Obviously, you can still disclose your precise location to some selected apps like the Uber or the food delivery app or the navigation app helping you to find places while on travel. You can always check the permissions for accessing location data by going to Settings > Privacy > Location Services and make changes as per your preferences.

Check on the Network Access

As of now most apps accessed your network connection unquestionably but from iOS 14 update there will be significant changes. While some apps really need network access to work, for many others the purpose seems to be hazy and less known.

This is why iOS 14 allows you to choose apps that can be permitted network access. You can always edit your choices for giving network access by going to Settings > Privacy > Local Network.

Prevent Wi-Fi Tracking Altogether

The latest of the privacy features with iOS 14 is quite interesting. The iPhone now can create and show a fake MAC address to the nearby Wi-Fi routers so that the device remains incognito for the Wi-Fi network.

The feature comes as a default one and you can easily access this feature by heading to Settings > Wi-Fi and then tapping on the "i" sign just beside the network. Though it is good for most networks, there are also smarter networks that can still send you notifications about a new device or connection.

Evaluate the Apps and Their Privacy Concerns

To ensure a comprehensive app privacy policy, Apple is already taking a lot of measures including forcing the app publishers to update their apps with latest versions and disclosing what data their apps are using and for what purpose.

This gives you the ability to evaluate the privacy policy of an app right from the App Store. In the App Store app, after finding an app you can scroll down to App Privacy to get every specific detail about the data they collect and specific purpose they use it for.

After iOS 14.3 How Can You Choose The Right Apps With Optimum Privacy?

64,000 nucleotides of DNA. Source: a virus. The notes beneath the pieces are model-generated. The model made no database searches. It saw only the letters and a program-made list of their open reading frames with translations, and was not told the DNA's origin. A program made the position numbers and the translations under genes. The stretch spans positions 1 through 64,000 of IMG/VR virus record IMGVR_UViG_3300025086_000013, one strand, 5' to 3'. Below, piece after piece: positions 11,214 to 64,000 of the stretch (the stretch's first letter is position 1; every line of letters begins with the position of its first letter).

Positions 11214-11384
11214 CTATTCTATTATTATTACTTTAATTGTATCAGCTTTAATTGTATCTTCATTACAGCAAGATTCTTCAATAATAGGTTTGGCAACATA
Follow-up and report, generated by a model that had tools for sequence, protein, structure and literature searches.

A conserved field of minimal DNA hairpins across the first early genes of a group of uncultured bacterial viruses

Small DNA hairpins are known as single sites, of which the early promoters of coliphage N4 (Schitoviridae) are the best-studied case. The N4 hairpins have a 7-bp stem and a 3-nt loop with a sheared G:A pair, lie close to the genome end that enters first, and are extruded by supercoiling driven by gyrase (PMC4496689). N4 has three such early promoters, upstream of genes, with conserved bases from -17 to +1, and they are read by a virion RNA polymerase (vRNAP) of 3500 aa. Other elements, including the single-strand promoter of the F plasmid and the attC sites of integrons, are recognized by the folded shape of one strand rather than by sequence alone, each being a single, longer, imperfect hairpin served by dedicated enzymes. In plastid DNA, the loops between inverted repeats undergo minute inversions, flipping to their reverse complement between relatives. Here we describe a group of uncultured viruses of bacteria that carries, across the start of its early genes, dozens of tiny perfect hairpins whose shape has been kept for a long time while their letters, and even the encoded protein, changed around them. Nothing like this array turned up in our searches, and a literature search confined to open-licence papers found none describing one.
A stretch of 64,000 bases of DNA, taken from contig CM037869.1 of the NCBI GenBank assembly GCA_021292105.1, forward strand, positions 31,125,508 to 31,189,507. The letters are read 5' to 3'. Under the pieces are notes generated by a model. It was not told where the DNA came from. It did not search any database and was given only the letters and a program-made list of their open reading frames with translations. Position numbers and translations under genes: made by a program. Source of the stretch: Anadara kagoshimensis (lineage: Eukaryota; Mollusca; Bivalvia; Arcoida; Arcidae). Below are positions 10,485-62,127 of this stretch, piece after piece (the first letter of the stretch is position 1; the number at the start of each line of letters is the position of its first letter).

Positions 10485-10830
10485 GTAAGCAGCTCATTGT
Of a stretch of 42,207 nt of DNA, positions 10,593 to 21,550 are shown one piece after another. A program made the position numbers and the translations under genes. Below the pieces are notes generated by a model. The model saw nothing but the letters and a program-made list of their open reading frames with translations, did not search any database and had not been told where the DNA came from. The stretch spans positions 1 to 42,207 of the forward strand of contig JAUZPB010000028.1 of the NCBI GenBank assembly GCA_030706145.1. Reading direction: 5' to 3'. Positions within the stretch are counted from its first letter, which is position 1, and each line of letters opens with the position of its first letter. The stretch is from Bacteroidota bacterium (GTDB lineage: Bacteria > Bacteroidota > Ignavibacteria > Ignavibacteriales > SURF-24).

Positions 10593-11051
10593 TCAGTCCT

There can be hardly any doubt about the fact that iOS 14.3 comes with several key privacy labels that are highly relevant and useful.  But then how can an end user decide about the safe and secure apps in terms of privacy. Well, the right way to judge is to question what purpose this piece of information will serve for what the app delivers? For example, why does a TV app need your location information?

Whatever options for privacy settings you choose, you can always make changes in them by going to privacy settings. Obviously, these wider, multifaceted privacy labels coming with the apps is a huge boost to the user privacy and overall data safety. But just by depending on privacy labels you can't optimise your data safety and safeguard privacy. App privacy measures coming with iOS 14 is just a policy enforced measure.

In general, any app that just after using once or twice tries to gather a lot of personal data such as name, location, contact number, email address and so on, you should consider it as an alarm and take necessary safeguards and put it under the strictest measures for privacy protection. 

Conclusion

With iOS 14, iPhone users have gained unprecedented control over their personal data and this is a great beginning towards a safe digital future. Hopefully, there must be more measures to come.